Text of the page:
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definitions - Cortisone

cortisone (n.)

1.a corticosteroid hormone (trade name Cortone Acetate) normally produced by the adrenal cortex; is converted to hydrocortisone

Cortisone (n.)

1.(MeSH)A naturally occurring glucocorticoid. It has been used in replacement therapy for adrenal insufficiency and as an anti-inflammatory agent. Cortisone itself is inactive. It is converted in the liver to the active metabolite HYDROCORTISONE. (From Martindale, The Extra Pharmacopoeia, 30th ed, p726)

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synonyms - Cortisone

Cortisone (n.) (MeSH)

Adreson  (MeSH)

cortisone (n.)

Cortone Acetate

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Cortisone

                   
Cortisone
Identifiers
CAS number 53-06-5 YesY
PubChem 222786
ChemSpider 193441 YesY
UNII V27W9254FZ YesY
KEGG D07749 YesY
MeSH Cortisone
ChEBI CHEBI:16962 YesY
ChEMBL CHEMBL111861 N
Jmol-3D images Image 1
Properties
Molecular formula C21H28O5
Molar mass 360.44 g/mol
Melting point

220–224 °C

 N (verify) (what is: YesY/N?)
Except where noted otherwise, data are given for materials in their standard state (at 25 °C, 100 kPa)
Infobox references

Cortisone (play /ˈkɔrtɨsn/ or /ˈkɔrtɨzn/; 17-hydroxy-11-dehydrocorticosterone) is a steroid hormone. It is one of the main hormones released by the adrenal gland in response to stress. In chemical structure, it is a corticosteroid closely related to corticosterone. It is used to treat a variety of ailments and can be administered intravenously, orally, intraarticularly, or transcutaneously. Cortisone suppresses the immune system, thus reducing inflammation and attendant pain and swelling at the site of the injury. Risks exist, in particular in the long-term use of cortisone.[1][2]

Contents

  History

Cortisone was first identified by the American chemist Edward Calvin Kendall while a researcher at the Mayo Clinic.[3] He was awarded the 1950 Nobel Prize for Physiology or Medicine along with Philip S. Hench and Tadeus Reichstein for the discovery of adrenal cortex hormones, their structures, and their functions. Cortisone was first produced commercially by Merck & Co. On September 30, 1949, Percy Julian announced an improvement in the process of producing cortisone from bile acids.[chronology citation needed] This eliminated the need to use osmium tetroxide, a rare, expensive, and dangerous chemical. In the UK in the early 1950s, John Cornforth and Kenneth Callow at the National Institute for Medical Research collaborated with Glaxo to produce cortisone from hecogenin from sisal plants.[4] Unknown at the time of the 1960 Presidential election, President John F. Kennedy took Cortisone supplements to counter the adrenal deficiency symptoms of Addison's Disease, which he denied having.[5][6]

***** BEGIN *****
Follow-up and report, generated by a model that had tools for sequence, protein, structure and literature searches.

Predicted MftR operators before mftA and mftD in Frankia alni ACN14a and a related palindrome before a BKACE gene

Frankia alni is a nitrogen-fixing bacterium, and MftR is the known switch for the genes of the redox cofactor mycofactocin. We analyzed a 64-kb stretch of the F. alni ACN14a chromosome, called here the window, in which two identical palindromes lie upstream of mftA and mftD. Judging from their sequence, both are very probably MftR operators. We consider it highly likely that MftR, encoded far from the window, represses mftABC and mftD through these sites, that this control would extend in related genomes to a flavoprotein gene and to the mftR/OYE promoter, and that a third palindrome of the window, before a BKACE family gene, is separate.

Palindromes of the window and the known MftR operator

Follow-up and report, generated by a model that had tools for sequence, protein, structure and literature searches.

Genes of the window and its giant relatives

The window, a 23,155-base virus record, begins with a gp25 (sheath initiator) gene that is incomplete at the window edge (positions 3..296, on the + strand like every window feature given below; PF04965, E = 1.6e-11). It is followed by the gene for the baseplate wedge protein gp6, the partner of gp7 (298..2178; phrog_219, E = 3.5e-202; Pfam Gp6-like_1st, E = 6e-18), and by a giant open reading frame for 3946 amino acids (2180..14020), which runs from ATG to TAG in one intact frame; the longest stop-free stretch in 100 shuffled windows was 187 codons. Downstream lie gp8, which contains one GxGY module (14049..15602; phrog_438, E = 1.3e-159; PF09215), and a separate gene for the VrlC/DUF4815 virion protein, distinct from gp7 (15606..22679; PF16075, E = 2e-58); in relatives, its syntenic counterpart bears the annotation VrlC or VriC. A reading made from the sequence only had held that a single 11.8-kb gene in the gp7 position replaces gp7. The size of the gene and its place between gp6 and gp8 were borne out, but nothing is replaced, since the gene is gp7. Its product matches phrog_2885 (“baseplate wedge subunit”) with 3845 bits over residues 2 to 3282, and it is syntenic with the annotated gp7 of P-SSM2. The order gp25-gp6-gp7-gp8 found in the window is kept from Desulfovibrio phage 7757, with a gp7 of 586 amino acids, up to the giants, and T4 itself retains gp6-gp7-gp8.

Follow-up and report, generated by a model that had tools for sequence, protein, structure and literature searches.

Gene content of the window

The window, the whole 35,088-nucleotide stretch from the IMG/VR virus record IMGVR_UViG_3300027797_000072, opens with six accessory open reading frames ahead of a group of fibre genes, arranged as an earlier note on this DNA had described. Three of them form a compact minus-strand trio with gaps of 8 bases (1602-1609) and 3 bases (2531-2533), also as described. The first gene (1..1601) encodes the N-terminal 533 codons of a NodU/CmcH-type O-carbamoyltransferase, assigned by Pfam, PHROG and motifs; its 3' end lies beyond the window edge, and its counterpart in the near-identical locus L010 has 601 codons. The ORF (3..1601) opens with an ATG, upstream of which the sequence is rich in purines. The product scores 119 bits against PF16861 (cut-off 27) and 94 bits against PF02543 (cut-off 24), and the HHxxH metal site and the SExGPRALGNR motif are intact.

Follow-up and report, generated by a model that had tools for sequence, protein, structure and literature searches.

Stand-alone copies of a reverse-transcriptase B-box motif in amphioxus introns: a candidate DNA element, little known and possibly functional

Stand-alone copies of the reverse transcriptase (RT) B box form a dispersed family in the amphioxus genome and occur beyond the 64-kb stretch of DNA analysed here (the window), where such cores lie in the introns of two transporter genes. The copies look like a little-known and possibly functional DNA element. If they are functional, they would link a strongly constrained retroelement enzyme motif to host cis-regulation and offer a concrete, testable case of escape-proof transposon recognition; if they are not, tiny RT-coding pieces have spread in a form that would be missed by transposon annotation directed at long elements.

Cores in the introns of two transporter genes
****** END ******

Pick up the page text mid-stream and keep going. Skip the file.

Production

Cortisone is one of several end-products of a process called steroidogenesis. This process starts with the synthesis of cholesterol, which then proceeds through a series of modifications in the adrenal gland (suprarenal) to become any one of many steroid hormones. One end-product of this pathway is cortisol. For cortisol to be released from the adrenal gland, a cascade of signaling occurs. Corticotropin-releasing hormone released from the hypothalamus stimulates corticotrophs in the anterior pituitary to release ACTH, which relays the signal to the adrenal cortex. Here, the zona fasciculata and zona reticularis, in response to ACTH, secrete glucocorticoids, in particular cortisol. In the peripheral tissues, cortisol is converted to cortisone by the enzyme 11-beta-steroid dehydrogenase. Cortisol has much greater glucocorticoid activity than cortisone, and, thus, cortisone can be considered an inactive metabolite of cortisol. However, 11-beta-steroid dehydrogenase can catalyze the reverse reaction as well, and, thus, cortisone is also the inactive precursor molecule of the active hormone cortisol. Cortisone is activated through hydrogenation of the 11-keto-group, and cortisol is, thus, sometimes referred to as hydrocortisone.[7]

  Effects and uses

Cortisone, a glucocorticoid, and adrenaline are the main hormones released by the body as a reaction to stress. They elevate blood pressure and prepare the body for a fight or flight response.

A cortisone injection can also be used to give short-term pain relief and reduce the swelling from inflammation of a joint, tendon, or bursa in, for example, the joints of the knee, elbow, and shoulder.[8]

Cortisone may also be used to deliberately suppress immune response in persons with autoimmune diseases or following an organ transplant to prevent transplant rejection. The suppression of the immune system may also be important in the treatment of inflammatory conditions such as severe IgE-mediated allergies.[9]

Last, cortisone is a common treatment for a severe sore throat that occurs commonly with EBV infectious mononucleosis. It is important to note that cortisone does not help lessen the duration of the virus, and is used purely to increase the comfort of a patient with trouble speaking or swallowing as a result of the mononucleosis-induced swollen throat.

  Side-effects

Oral use of cortisone has a number of potential side-effects: hyperglycemia, insulin resistance, diabetes mellitus, osteoporosis, anxiety, depression, amenorrhoea, cataracts and glaucoma, among other problems.[1][2][citation needed]

  See also

  References

  Notes


  Bibliography

  External links


   
               

 

All translations of Cortisone


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